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Thursday, July 12, 2007

American Hauntings - Hazel Green: The Haunted House of Seven Husbands

The official Alabama Guide Book describes one Ms. Elizabeth Gibbons-Flanigan-Jeffries-High-Brown-Routt, nee Dale, as "a fascinating lady of many marriages."  All that is known of her is that she liked horses and expensive clothes.  

And that she married six times, and all six husbands died within short order of the nuptials.

She was the beautiful daughter of Adam Dale, the first settler of DeKalb County in Tennessee, and founder of the town of Liberty.  Alexander Jeffries, soon to be her third husband, built a log cabin on an old Indian burial mound not long after their marriage... and right before he died mysteriously.  Her fourth husband, Mr. High, married her soon after -- and died soon after that.  The cabin was later replaced by the large house of Hazel Green, built by Elizabeth’s fifth husband, Absolam Brown, shortly before his death of unknown circumstances.  Though gossip flew, her next suitor, Willis Routt, was undeterred... and also died of unknown circumstances soon after they tied the knot.

In all, every husband Elizabeth ever had died of unknown circumstances very shortly after their marriage to her.  So she converted the home into a tavern for mule drovers, as it was located on the old road to Nashville.  She became embroiled in a quarrel with a neighbor, one Abner Tate, whom she persuaded her next suitor (a D.H. Bingham) to charge with murder.  In a scathing published defense, Tate alleged Mrs. Gibbons-Flanigan-Jeffries-High-Brown-Routt’s bridal chamber was "a charnal [sic] house... around whose marriage couch six grinning skeletons were already hung."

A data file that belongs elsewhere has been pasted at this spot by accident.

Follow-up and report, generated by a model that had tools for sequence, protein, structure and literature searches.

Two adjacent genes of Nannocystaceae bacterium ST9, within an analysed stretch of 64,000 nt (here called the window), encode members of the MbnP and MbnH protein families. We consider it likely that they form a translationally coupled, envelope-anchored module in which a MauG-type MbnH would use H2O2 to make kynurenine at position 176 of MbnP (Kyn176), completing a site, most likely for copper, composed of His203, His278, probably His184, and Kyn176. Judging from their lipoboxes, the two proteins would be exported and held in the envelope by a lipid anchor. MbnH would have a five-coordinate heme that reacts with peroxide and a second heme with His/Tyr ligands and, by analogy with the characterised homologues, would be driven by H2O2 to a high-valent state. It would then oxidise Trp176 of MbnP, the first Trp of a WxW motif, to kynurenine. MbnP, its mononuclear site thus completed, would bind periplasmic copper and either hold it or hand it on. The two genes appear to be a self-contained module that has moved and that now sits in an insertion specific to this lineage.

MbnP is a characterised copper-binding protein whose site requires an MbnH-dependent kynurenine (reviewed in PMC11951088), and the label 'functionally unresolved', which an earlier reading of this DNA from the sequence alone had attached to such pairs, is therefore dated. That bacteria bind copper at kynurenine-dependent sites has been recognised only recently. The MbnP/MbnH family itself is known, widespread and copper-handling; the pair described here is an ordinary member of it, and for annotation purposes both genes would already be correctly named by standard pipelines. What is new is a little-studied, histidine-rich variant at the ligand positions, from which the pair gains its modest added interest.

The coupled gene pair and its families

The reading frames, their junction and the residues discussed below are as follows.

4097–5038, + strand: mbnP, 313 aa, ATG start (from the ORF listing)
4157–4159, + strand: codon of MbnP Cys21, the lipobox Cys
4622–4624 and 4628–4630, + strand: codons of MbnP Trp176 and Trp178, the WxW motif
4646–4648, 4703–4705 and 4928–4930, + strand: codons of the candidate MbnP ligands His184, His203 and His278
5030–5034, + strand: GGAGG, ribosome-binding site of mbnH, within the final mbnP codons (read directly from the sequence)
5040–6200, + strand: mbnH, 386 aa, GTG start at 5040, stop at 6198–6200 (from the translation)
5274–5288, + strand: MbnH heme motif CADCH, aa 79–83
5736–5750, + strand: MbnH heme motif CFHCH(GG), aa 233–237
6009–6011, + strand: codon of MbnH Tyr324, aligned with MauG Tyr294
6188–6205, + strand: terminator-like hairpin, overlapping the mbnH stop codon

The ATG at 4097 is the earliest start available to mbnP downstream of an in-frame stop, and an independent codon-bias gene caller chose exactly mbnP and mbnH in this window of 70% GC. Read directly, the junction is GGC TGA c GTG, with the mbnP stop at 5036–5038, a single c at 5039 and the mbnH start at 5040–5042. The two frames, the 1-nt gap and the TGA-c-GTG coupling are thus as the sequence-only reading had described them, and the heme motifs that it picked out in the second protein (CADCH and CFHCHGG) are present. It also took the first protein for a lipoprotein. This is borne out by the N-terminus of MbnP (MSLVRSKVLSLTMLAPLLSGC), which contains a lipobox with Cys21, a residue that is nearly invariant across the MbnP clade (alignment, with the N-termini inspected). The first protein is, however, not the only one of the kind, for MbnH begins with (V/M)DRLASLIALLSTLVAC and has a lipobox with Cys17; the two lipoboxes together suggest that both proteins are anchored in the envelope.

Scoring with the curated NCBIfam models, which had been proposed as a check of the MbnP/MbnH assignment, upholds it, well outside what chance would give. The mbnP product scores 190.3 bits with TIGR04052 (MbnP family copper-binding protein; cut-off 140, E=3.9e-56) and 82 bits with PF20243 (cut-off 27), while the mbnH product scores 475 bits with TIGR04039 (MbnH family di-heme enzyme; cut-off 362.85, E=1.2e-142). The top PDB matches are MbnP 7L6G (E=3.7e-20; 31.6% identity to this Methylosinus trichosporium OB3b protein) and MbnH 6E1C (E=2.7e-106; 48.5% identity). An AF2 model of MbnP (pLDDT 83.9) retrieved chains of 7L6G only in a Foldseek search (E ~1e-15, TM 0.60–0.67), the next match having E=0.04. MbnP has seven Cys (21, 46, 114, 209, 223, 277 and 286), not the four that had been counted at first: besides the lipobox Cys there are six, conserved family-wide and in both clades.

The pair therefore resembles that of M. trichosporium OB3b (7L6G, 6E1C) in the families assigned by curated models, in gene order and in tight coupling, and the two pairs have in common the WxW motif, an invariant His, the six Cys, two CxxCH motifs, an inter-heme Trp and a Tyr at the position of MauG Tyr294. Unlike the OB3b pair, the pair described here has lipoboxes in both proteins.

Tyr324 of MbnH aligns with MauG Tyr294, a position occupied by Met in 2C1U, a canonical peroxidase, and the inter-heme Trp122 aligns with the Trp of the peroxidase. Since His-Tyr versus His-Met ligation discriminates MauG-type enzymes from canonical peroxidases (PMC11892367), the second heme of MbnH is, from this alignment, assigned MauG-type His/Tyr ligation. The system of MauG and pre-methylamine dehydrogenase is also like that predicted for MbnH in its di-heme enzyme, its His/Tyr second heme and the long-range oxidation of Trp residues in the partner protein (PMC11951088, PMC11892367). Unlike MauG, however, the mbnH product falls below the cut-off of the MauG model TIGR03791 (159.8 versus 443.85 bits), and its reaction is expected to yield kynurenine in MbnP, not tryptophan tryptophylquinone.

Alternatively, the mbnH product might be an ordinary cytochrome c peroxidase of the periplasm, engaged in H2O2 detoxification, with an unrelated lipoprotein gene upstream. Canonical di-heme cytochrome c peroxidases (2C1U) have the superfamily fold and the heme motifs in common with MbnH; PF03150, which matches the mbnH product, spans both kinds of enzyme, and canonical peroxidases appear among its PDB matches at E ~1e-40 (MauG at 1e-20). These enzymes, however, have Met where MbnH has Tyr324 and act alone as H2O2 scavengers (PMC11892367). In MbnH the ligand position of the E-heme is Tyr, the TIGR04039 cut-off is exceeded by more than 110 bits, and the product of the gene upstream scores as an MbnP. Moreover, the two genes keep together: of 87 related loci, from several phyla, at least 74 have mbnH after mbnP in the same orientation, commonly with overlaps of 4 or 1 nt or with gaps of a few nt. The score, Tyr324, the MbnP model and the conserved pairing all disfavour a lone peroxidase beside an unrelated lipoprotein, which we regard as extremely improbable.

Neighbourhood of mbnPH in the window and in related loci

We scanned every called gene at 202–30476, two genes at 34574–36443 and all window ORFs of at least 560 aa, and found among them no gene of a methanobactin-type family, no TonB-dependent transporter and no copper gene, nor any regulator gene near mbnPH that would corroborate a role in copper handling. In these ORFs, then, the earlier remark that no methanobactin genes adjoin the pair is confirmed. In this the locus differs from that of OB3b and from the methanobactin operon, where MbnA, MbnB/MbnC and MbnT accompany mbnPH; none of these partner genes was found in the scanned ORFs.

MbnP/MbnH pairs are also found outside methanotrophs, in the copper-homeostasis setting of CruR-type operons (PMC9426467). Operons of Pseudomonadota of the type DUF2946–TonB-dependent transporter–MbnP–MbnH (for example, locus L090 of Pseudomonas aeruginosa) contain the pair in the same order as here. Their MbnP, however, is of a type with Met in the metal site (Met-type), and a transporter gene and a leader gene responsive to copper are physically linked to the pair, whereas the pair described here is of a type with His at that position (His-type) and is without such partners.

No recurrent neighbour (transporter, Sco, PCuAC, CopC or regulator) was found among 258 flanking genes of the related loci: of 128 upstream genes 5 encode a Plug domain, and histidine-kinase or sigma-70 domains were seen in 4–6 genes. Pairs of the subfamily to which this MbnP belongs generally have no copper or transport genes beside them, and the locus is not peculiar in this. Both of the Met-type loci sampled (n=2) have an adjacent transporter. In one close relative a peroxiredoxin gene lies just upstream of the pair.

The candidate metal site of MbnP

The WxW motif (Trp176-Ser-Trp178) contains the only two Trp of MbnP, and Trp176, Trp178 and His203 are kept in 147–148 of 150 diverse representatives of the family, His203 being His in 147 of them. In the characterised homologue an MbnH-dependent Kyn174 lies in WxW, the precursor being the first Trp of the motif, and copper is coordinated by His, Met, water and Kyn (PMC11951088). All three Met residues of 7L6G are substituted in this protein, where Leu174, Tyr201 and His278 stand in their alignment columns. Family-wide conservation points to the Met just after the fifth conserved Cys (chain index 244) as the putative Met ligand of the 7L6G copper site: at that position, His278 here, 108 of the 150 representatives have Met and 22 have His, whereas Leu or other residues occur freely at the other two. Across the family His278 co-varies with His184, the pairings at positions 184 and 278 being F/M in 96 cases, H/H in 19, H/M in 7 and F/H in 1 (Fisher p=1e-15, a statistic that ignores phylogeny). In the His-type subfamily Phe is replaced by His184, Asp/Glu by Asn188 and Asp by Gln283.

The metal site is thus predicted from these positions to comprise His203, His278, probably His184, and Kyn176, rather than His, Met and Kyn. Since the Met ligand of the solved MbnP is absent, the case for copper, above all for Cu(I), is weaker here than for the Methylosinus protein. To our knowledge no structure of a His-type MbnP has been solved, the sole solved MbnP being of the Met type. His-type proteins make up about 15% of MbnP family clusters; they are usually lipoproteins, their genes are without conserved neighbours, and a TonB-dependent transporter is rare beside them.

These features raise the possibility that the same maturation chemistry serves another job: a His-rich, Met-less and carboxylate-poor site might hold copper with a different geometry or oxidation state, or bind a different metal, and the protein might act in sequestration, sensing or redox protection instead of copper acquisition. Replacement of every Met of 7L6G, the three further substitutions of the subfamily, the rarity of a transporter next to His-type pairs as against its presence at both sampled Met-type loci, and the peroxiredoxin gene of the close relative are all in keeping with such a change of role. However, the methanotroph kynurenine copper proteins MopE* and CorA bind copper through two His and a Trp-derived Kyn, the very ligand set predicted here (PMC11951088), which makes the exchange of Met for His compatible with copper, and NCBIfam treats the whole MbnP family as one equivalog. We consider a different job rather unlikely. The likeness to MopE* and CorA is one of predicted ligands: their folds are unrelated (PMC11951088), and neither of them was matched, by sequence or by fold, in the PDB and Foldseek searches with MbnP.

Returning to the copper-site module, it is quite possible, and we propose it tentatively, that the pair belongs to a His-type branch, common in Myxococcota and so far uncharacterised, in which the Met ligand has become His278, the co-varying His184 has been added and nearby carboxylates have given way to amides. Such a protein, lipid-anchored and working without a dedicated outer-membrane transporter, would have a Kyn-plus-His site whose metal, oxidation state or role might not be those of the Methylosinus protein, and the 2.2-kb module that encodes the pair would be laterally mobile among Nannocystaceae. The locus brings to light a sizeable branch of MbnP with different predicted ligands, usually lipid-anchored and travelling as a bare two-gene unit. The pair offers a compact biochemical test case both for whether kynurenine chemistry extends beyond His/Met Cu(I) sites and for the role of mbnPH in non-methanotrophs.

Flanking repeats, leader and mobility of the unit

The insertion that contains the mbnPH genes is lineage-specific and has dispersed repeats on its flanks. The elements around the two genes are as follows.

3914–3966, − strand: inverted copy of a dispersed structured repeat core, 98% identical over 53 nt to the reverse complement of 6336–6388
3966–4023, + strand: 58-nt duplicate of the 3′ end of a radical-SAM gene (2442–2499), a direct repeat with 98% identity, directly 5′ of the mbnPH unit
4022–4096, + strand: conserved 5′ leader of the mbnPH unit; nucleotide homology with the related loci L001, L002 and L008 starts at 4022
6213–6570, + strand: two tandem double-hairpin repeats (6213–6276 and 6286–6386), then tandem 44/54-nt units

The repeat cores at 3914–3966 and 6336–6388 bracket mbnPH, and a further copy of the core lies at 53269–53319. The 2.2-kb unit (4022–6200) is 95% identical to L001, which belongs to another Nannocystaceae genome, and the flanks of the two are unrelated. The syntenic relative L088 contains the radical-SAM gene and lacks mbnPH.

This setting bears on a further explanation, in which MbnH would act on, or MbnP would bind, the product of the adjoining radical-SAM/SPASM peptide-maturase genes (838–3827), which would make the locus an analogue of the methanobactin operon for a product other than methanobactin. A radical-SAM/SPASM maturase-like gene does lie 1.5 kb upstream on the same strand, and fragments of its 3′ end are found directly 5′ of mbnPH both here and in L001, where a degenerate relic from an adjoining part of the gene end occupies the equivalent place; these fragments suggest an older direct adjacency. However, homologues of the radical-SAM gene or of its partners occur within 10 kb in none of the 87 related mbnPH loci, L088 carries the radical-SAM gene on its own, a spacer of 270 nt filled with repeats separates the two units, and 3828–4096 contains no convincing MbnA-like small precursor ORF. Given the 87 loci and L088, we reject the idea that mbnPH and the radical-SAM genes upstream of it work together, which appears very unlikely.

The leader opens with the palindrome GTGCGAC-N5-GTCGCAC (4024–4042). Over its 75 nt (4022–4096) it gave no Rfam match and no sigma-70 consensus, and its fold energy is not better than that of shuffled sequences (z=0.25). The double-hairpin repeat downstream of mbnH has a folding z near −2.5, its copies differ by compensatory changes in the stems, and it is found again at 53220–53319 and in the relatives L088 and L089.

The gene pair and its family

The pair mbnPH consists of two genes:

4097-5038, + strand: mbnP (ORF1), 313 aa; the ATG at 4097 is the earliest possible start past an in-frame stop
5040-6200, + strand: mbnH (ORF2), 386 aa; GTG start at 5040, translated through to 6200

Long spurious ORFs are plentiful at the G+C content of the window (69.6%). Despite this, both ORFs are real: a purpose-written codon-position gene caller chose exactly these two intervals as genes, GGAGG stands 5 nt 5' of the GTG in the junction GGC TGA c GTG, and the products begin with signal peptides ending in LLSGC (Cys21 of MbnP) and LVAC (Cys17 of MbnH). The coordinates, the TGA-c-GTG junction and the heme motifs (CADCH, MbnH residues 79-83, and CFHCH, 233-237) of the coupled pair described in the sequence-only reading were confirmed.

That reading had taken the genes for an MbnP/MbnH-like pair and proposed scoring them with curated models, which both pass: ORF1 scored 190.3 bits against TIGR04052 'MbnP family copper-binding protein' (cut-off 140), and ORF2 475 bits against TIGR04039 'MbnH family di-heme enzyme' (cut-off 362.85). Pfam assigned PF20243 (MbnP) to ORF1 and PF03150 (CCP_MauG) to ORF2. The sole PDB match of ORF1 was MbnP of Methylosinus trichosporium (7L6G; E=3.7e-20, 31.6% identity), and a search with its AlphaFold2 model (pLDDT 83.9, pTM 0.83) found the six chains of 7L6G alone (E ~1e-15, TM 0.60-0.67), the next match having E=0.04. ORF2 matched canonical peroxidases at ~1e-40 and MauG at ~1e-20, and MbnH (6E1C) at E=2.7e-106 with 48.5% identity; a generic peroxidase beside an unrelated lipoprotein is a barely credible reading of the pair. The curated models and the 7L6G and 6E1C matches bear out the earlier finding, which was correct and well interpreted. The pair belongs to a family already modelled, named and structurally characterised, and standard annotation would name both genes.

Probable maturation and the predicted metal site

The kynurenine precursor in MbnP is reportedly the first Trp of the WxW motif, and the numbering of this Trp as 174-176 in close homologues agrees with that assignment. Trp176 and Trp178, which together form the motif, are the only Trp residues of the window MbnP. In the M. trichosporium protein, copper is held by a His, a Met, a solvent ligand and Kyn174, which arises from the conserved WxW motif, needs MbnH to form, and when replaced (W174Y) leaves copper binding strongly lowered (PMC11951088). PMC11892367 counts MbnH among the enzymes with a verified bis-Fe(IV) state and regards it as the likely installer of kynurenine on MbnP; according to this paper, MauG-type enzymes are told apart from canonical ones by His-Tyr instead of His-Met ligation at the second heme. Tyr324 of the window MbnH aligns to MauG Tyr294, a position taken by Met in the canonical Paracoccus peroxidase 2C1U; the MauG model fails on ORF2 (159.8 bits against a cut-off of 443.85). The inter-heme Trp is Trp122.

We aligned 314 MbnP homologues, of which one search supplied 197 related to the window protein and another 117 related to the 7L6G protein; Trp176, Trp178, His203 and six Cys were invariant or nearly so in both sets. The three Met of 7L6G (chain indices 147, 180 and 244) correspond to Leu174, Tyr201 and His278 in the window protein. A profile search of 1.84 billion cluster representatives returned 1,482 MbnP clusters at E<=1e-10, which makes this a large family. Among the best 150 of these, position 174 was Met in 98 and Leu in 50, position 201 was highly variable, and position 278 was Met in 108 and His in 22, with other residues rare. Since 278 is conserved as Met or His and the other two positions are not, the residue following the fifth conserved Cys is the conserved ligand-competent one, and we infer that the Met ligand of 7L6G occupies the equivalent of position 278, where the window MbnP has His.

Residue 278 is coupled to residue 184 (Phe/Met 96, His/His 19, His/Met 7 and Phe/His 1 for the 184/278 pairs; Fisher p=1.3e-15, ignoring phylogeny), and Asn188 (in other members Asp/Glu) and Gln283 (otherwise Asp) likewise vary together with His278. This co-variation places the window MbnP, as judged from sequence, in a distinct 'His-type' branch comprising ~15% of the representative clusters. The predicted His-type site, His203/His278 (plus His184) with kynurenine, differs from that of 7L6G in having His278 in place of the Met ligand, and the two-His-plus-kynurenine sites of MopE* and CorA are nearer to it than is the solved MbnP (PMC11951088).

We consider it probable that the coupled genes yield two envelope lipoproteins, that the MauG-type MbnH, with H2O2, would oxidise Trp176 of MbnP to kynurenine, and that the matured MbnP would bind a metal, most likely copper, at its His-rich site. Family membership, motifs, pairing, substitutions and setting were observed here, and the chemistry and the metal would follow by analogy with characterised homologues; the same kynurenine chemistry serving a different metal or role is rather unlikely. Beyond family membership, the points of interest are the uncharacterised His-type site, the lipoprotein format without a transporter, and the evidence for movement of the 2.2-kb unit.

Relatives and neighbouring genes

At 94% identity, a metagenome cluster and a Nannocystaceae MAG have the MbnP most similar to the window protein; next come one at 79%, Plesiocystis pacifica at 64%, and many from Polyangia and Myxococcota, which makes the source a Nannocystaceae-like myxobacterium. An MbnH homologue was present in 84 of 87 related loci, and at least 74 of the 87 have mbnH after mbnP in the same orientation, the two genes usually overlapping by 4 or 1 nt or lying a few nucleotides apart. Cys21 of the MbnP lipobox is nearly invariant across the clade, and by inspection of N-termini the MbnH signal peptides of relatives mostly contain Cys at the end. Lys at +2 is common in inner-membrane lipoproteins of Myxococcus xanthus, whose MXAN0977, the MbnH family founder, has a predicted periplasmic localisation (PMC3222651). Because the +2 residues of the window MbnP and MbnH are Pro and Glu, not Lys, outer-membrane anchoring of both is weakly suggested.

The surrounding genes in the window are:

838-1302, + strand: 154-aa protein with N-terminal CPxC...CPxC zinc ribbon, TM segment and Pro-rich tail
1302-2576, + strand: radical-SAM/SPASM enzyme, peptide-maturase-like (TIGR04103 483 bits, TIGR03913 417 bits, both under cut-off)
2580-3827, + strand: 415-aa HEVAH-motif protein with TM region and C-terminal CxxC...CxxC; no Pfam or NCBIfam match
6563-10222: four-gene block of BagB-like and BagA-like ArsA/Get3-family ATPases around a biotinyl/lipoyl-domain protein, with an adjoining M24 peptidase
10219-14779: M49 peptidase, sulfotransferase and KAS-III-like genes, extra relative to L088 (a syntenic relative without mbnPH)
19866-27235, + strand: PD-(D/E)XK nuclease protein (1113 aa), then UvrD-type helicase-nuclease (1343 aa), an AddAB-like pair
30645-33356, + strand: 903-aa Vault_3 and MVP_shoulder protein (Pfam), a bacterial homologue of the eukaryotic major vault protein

Elizabeth countersued for defamation of character, but the $50,000 suit went unanswered except by public opinion, and Elizabeth sold her house and left the state.  Adam Dale, who settled in DeKalb County in 1797, died in Hazel Green in 1851, and was presumed to have been living in his daughter’s house.  The Alabama Guide Book says he was buried in the family cemetery on the grounds, but rumor holds that surviving children moved his body to Columbia, TN after his wife died, and left the marker.

Residents insist that seven mens' hats -- those of Elizabeth’s mysteriously-departed husbands -- hang in the closet.

But Elizabeth only married six times, as far as anyone knows...

So, to whom does the seventh hat belong?

1 comment:

  1. i live across the street from the land the house used to be on. the house is no longer standing but the graves still remain. i believe the house was burnt down but i'm not sure.